Is Godlessness America’s Problem?
A conservative commentator, Glenn Beck, blames America’s problems on the increase in non-religiosity, or “godlessness.” (I notice that some conservatives are embarrassed by him, but unfortunately he claims to be one of them.) At the start of one of his latest live-television emotional breakdowns, he points to the fact that the non-religious are the fastest-growing part of the American religious landscape. He imagines that people no longer trust in God, but rather in the government (specifically Barack Obama). This is derived from his belief that citizens have strayed from the phrase in the Declaration of Independence, which Beck quotes as saying, “endowed by their Creator with certain inalienable[sic] rights.” Glenn Beck thinks the “Creator” in that phrase is his god – presumably the god who cares about his crusade against Barack Obama’s “unlawful, godless, perverted, liberal agenda.”
In fact, some of the leaders of the Revolution, including Jefferson, Madison, and Adams, despised Christianity and its god. Jefferson, in his letters, said, “I do not find in orthodox Christianity one redeeming feature.” And, “History, I believe, furnishes no example of a priest-ridden people maintaining a free civil government. This marks the lowest grade of ignorance of which their civil as well as religious leaders will always avail themselves for their own purposes.” He thought that “Christianity is the most perverted system that ever shone on man.” The “Father of the Constitution,” Madison, stated that, “During almost fifteen centuries has the legal establishment of Christianity been on trial. What has been its fruits? More or less, in all places, pride and indolence in the clergy; ignorance and servility in the laity; in both, superstition, bigotry, and persecution.” And, “In no instance have . . . the churches been guardians of the liberties of the people.” Adams, in Article 11 of the Treaty of Tripoli, wrote, “The government of the United States is not, in any sense, founded on the Christian religion.” And, in a letter to his son he wrote, “Let the human mind loose. It must be loose. It will be loose. Superstition and dogmatism cannot confine it.”
Yet, it is precisely superstition and dogmatism that have confined the mind of Glenn Beck. He cannot even use political terms correctly. The term “liberal,” that Beck often uses to describe Barack Obama, is semantically indistinguishable from the term “illiberal.” He sees a vast un-American conspiracy everywhere. On not having the Ten Commandments on a courthouse, he says in a mocking voice, “Thou shall not kill – that’s too controversial!” (It is only unconstitutional.) He says students “can’t pray in school.” (Students can pray as much as they like.) He also makes the claim that people “can’t sing Christmas carols in this country because that is too offensive.” I do not know what part of the country he is talking about.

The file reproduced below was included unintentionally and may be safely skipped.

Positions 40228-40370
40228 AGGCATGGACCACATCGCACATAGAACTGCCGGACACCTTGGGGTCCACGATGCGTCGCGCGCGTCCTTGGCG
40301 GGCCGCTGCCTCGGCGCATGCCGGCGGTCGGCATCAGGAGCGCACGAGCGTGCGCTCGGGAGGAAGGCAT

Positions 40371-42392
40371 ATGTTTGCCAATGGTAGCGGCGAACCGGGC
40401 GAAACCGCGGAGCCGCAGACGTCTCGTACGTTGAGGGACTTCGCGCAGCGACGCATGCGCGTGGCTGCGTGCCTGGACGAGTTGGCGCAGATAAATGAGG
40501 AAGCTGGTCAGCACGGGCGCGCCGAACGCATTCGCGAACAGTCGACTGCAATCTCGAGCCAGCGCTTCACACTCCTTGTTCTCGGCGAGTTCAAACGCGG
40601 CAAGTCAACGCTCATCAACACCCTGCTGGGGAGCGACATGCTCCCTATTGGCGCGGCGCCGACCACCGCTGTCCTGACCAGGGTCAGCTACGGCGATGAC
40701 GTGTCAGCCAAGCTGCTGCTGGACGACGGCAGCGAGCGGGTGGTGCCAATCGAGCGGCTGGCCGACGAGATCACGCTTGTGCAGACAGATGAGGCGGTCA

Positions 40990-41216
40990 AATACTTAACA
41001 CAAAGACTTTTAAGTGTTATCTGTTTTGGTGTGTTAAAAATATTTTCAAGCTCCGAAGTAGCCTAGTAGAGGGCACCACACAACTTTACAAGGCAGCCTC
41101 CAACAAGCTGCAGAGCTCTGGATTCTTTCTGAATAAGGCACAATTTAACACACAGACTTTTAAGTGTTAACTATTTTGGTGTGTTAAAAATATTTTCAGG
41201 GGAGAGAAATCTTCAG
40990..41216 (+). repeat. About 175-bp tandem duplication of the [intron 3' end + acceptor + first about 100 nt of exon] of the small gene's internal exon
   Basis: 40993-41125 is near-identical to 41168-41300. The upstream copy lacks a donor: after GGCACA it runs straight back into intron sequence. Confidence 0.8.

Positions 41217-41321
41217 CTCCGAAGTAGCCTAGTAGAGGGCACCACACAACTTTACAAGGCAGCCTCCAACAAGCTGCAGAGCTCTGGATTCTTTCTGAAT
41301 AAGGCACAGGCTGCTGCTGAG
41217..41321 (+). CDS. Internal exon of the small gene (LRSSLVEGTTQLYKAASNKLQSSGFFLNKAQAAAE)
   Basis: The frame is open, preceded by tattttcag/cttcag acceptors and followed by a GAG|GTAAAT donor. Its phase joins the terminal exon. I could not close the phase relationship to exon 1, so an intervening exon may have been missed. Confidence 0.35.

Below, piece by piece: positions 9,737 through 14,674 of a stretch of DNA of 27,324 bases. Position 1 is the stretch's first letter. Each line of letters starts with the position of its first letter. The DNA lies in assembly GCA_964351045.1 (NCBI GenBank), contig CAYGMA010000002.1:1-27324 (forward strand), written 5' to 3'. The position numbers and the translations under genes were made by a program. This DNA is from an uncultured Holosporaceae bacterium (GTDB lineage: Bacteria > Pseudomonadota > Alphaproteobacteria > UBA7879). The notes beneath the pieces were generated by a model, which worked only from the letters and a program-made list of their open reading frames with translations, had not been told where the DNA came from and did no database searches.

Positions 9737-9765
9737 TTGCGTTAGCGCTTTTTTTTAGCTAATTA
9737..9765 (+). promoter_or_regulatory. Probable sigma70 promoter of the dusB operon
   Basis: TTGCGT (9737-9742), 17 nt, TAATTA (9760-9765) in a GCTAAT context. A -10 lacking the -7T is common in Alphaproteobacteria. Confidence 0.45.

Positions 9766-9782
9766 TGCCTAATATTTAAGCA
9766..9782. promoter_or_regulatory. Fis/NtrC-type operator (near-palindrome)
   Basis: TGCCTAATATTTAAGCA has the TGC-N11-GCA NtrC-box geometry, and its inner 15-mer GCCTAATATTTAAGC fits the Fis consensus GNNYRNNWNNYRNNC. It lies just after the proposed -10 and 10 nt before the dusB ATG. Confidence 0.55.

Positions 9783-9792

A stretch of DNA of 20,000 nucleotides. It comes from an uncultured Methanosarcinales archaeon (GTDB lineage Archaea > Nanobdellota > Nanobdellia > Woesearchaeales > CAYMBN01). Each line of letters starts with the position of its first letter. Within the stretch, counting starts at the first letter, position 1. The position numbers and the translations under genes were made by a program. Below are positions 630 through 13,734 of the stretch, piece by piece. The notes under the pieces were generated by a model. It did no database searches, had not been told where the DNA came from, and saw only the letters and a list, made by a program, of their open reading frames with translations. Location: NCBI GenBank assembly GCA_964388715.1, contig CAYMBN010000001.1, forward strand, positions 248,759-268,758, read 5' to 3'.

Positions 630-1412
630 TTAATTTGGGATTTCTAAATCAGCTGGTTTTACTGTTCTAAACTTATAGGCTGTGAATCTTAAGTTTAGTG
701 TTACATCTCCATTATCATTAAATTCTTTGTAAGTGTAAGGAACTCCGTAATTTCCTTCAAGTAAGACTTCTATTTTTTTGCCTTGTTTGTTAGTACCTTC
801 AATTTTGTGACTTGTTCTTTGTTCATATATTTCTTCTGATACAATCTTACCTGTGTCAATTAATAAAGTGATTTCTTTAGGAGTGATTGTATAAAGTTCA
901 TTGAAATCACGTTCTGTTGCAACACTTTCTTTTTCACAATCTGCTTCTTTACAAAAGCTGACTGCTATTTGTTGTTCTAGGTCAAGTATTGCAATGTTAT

He assumes the non-religious are atheist although non-religious people may believe in God. This does not matter to him because he must argue that they “fill the void” with “stuff, things, power, careers, money, celebrities, politics, government.” It does not occur to him that some people do not need faith, much less feel a “void” in their lives in the same way that no adult feels a void about not believing in Santa Claus.
After lampooning non-religious people, Beck shows that they in fact do have a religion. He claims they put their “faith in government.” He says there is a Church of Barack Obama. His overwhelming evidence for this is a video of school children singing songs to Obama to the tune of “Jesus Loves Me” and “The Battle Hymn of the Republic.” Is it these young school children who are the infamous non-religious people who worship at the altar of Barack Hussein Obama. Is it them who Glenn Beck is ranting against for not putting their faith in God? Is it these school children who cause America’s decline by not being religious? In Glenn Beck’s mind, it seems, anything goes.
After showing video of these children, Beck asks, “Why do you think we’re as powerful as we are or have been? What did we do different[sic] than other countries? Are we just superior human beings?” His answer is that “we recognize God’s authority.” This is the point at which he mistakenly recognizes the Deistic (or non-Christian) god of the Founders as his Christian god. He goes on to say:
So many other countries get it completely wrong. They believe human rights are handed down by some government, some body, some official in the government. It’s all about them; not HIM! No government can fill the gaping hole inside of us if GOD is chased out! Maybe we need to stop looking for more social justice and start looking at ETERNAL justice!
It is with this argument that Beck unwittingly rejects the idea of the “consent of the governed”: the cornerstone of the Declaration of Independence and the Virgina Bill of Rights, and the political theory that lends both legitimacy and moral authority to our government for its exercise of state power. But who would expect Beck to know about such trivialities of his own beloved country?
In this way Beck lays down his argument that godlessness is the weakness of America. However, it is his own authoritarian conservative Christian impulse that endangers the freedom that he says people should value with their lives. It is the Church of Glenn Beck that is the problem, and he has millions of followers who tune in to his circus – I mean show. The god of Glenn Beck is totally at odds with the open, pluralistic society protected by such civil liberties and rights that form the foundation of this Republic.